Human capacity building project on legume sciences

Display start
Display end
Newsletter #
Newsletter item #
News homepage item #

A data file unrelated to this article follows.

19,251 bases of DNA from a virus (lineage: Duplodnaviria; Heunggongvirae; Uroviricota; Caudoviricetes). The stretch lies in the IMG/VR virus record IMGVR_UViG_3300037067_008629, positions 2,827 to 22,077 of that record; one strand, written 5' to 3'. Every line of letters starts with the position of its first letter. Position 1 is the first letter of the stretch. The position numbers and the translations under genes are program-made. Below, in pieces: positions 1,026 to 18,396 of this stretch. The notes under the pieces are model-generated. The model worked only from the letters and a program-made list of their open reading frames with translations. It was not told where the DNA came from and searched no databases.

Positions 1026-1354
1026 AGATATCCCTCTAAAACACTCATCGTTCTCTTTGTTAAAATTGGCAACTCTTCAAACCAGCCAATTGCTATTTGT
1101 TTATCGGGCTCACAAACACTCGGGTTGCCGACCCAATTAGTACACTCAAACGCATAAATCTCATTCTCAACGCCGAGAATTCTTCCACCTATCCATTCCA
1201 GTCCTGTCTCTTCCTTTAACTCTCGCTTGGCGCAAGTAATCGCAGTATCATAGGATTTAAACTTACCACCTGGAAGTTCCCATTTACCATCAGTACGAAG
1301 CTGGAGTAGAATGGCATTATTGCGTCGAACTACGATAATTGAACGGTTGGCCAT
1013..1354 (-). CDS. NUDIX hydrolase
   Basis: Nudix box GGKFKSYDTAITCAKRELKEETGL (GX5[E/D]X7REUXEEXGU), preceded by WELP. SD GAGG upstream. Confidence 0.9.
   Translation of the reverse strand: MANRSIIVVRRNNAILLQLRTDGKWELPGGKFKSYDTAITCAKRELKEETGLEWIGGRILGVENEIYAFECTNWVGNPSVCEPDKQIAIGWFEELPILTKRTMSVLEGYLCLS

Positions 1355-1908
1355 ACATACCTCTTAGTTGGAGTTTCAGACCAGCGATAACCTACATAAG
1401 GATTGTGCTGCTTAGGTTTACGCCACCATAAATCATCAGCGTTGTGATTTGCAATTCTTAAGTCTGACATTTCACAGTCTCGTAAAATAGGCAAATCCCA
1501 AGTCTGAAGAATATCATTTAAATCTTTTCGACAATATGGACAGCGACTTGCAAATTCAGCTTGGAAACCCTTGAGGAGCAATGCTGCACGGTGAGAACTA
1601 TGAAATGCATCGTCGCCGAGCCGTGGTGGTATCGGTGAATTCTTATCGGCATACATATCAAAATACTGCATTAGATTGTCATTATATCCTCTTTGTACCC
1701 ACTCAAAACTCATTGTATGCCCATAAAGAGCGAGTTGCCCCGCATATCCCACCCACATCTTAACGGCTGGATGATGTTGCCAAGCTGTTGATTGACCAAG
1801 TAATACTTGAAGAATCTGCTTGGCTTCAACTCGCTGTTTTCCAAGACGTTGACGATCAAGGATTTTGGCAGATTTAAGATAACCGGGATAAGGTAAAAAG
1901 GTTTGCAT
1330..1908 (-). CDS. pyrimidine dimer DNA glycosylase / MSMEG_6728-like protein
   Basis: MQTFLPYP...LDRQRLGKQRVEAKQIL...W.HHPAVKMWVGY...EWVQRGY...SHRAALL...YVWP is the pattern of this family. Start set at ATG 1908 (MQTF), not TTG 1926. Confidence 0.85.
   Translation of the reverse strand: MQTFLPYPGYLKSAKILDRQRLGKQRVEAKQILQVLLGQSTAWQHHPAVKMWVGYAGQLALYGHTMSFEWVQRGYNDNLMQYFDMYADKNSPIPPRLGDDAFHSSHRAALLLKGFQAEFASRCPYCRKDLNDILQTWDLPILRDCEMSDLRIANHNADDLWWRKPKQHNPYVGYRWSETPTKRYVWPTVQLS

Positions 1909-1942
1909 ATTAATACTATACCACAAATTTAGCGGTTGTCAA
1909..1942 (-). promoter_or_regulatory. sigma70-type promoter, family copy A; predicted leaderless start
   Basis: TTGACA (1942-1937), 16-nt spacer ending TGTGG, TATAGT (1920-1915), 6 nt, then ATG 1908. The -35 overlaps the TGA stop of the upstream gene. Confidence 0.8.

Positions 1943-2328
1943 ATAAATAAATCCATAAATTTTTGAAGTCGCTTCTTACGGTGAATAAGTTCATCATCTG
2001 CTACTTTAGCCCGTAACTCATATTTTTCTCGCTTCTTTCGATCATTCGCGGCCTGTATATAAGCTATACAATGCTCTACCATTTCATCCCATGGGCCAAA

The Bill & Melinda Gates Foundation (BMGF) has just awarded a grant of $1,700.147 (including $420,376 in co-funding from other sources) to Tshwane University of Technology (TUT) in Pretoria, South Africa, to undertake capacity building in Legume Sciences for Africa. The project will focus mainly on training and research to increase yields of major food legumes in Africa such as cowpea, groundnut, common bean and soybean. The funding will be used for basic and applied training of 12 MSc and six PhD students over a five-year period. The focus countries of this project include Mali, Burkina Faso, Ghana, Nigeria, Uganda, Tanzania and Ethiopia. It is planned that, wherever logistically possible, students recruited from these focus countries will undertake their research activities within existing BMGF-funded programs in Africa, such as N2Africa, TL II, and AGRA, hopefully leading to better project implementation and effective utilization of these talents on the African continent. The partners in this capacity-building project include TUT in South Africa (Prof Felix D. Dakora), the Centre for Rhizobium Studies at Murdoch University (Prof John Howieson), the University of California at Los Angeles Campus, UCLA (Prof Ann Hirsch), Brazil’s Agricultural Research Corporation or EMBRAPA (Prof Mariangela Hungria), and the Department of Science and Technology of the South African Government. The approach in this project is to develop a sandwich program whereby students from the seven focus countries in Africa register with TUT in South Africa and undertake part of their training in Australia, Brazil or USA, depending on the nature of the research project. Because there are currently very few female scientists in agricultural research in Africa, this project seeks to have a gender balance of 50% female and 50% male recruitment. The project will commence with immediate effect from 1 January 2012. Interested potential students from the seven focus countries should contact Prof Felix D. Dakora ( or